Why the wait between your schooling and the air force and more to put out this record?
RS: Maybe it wasn't a conscious decision. I went through a period of time in New York where I didn't play as much. It wasn't a conscious decision to focus on something else, I just happened to get into other things. Marshall Arts, Nature Studies and a fresh relationship really took my mind off of the "me" mentality and also from focusing on what I wanted to do. I just didn't feel good enough to be a jazz musician doing my own thing in New York.
There was this standard of an almost perfectionist level that got in my way, and still does...all the time. I don't want anyone to hear me sound bad ever. Even now.
AAJ: Do you think that holds back a lot of artists, especially young artists?
RS: No. When I was younger I had this fearlessness. A reckless abandon. I would jump into positions I wouldn't do now. I wasn't afraid of things. Somehow I grew afraid of and I guess I need to figure out what happened along the way.
But when you go to school you have a support group of all the people you're playing with on a daily basis. You can put a band together and say, let's go get gigs and everyone's collectively in it together. So if you fail, everyone's cool with it...and half the time no one shows up to the gig. At least you're not worried then. But when I left that comfort and went to New York I became like that dog that curls up in the corner after it gets yelled at enough times. I trained myself early on to fear certain musical situations.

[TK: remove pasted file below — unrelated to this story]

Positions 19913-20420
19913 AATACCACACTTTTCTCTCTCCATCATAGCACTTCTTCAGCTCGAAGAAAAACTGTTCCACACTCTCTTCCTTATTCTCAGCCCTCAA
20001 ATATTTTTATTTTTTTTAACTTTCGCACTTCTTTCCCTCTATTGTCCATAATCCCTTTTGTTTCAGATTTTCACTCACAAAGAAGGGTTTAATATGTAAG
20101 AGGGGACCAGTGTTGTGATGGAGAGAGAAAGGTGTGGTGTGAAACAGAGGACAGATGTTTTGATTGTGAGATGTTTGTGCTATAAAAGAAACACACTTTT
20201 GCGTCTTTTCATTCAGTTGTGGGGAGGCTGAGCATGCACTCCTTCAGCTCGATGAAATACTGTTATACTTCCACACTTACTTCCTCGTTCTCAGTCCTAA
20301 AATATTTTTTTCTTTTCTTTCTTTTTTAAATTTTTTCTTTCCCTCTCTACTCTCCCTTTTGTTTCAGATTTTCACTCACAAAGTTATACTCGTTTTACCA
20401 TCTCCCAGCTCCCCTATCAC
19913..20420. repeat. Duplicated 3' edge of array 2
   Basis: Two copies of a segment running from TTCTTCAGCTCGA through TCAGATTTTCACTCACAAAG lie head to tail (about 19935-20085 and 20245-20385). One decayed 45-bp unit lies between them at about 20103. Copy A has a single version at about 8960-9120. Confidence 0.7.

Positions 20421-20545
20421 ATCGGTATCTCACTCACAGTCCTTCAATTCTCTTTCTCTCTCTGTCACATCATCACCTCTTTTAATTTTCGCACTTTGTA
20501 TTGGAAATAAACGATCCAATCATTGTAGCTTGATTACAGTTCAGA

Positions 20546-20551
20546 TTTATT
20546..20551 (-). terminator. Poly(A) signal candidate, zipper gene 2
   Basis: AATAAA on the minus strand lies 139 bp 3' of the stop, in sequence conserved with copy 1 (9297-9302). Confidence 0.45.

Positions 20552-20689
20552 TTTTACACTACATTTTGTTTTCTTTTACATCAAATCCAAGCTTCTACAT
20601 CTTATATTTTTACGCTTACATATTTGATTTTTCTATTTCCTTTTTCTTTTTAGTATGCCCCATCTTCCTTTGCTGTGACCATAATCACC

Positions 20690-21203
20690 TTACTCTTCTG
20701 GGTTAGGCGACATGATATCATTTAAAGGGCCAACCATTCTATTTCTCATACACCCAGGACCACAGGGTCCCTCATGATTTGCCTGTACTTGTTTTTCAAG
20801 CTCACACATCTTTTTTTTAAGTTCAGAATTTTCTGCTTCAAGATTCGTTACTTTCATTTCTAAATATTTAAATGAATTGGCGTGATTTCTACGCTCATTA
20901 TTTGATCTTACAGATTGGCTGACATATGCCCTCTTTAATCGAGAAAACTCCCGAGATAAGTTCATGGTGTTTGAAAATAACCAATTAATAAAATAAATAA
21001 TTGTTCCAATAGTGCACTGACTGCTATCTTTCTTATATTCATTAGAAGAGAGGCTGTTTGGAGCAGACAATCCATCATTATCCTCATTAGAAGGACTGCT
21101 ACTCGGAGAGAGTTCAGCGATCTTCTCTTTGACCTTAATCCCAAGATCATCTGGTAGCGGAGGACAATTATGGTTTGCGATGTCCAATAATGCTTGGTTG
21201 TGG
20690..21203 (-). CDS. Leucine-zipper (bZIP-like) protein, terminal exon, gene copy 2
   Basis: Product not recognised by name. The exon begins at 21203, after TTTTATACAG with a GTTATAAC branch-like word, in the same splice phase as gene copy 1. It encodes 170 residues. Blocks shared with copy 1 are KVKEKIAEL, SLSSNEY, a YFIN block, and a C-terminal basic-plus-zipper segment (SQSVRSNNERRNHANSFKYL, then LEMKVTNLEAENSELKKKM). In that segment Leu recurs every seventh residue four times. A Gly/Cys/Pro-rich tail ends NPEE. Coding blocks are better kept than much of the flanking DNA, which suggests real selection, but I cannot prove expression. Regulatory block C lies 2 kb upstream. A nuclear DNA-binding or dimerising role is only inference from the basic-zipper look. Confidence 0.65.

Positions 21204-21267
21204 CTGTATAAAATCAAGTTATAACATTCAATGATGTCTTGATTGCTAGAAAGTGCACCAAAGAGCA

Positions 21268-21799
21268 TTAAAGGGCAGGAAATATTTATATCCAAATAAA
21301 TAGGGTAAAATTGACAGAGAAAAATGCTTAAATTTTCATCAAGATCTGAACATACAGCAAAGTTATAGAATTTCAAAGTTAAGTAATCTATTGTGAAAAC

What do you do, as an artist, to overcome that fear? RS:
If I want to call it fear I can, but if I want to call it a standard...or a personal standard that I've set on myself, I feel it's fine and safe. It's safe for an artist to say, "I've got something I'm working on and I don't want anyone to see it until the painting is finished." That's fair. But really, I guess it's a fear of the critic. But the older I get, the more years I spend saying this is how music is. It's not just music, it's a way of life. It's a guidance. How you approach music is how you approach life. It 's a religious principle and becomes who you are. It's about being less concerned with what other people have to say and realizing that this is just part of the fun of the dynamics of relating to other people. It's how other people feel about you and feeling good about what they say. You can do what you want with what they say. Maybe they're right, maybe what they're saying is true but then you have the choice of letting it influence you or change you. But I have to be first, resolute in my own feelings. I have to know what I truly believe in and that this isn't going to change me. I'm going to stay true to myself. Even ten years later, I have to have something representative of me, all original, all my own doing, from being able to pull my own strings and know that the power of doing so was something I made happen.
Ricky Sweum, Pulling Your Own Strings (Origin, 2009)
Page 1, 2, 4: Jonathan Betz
Page 3: David Hughes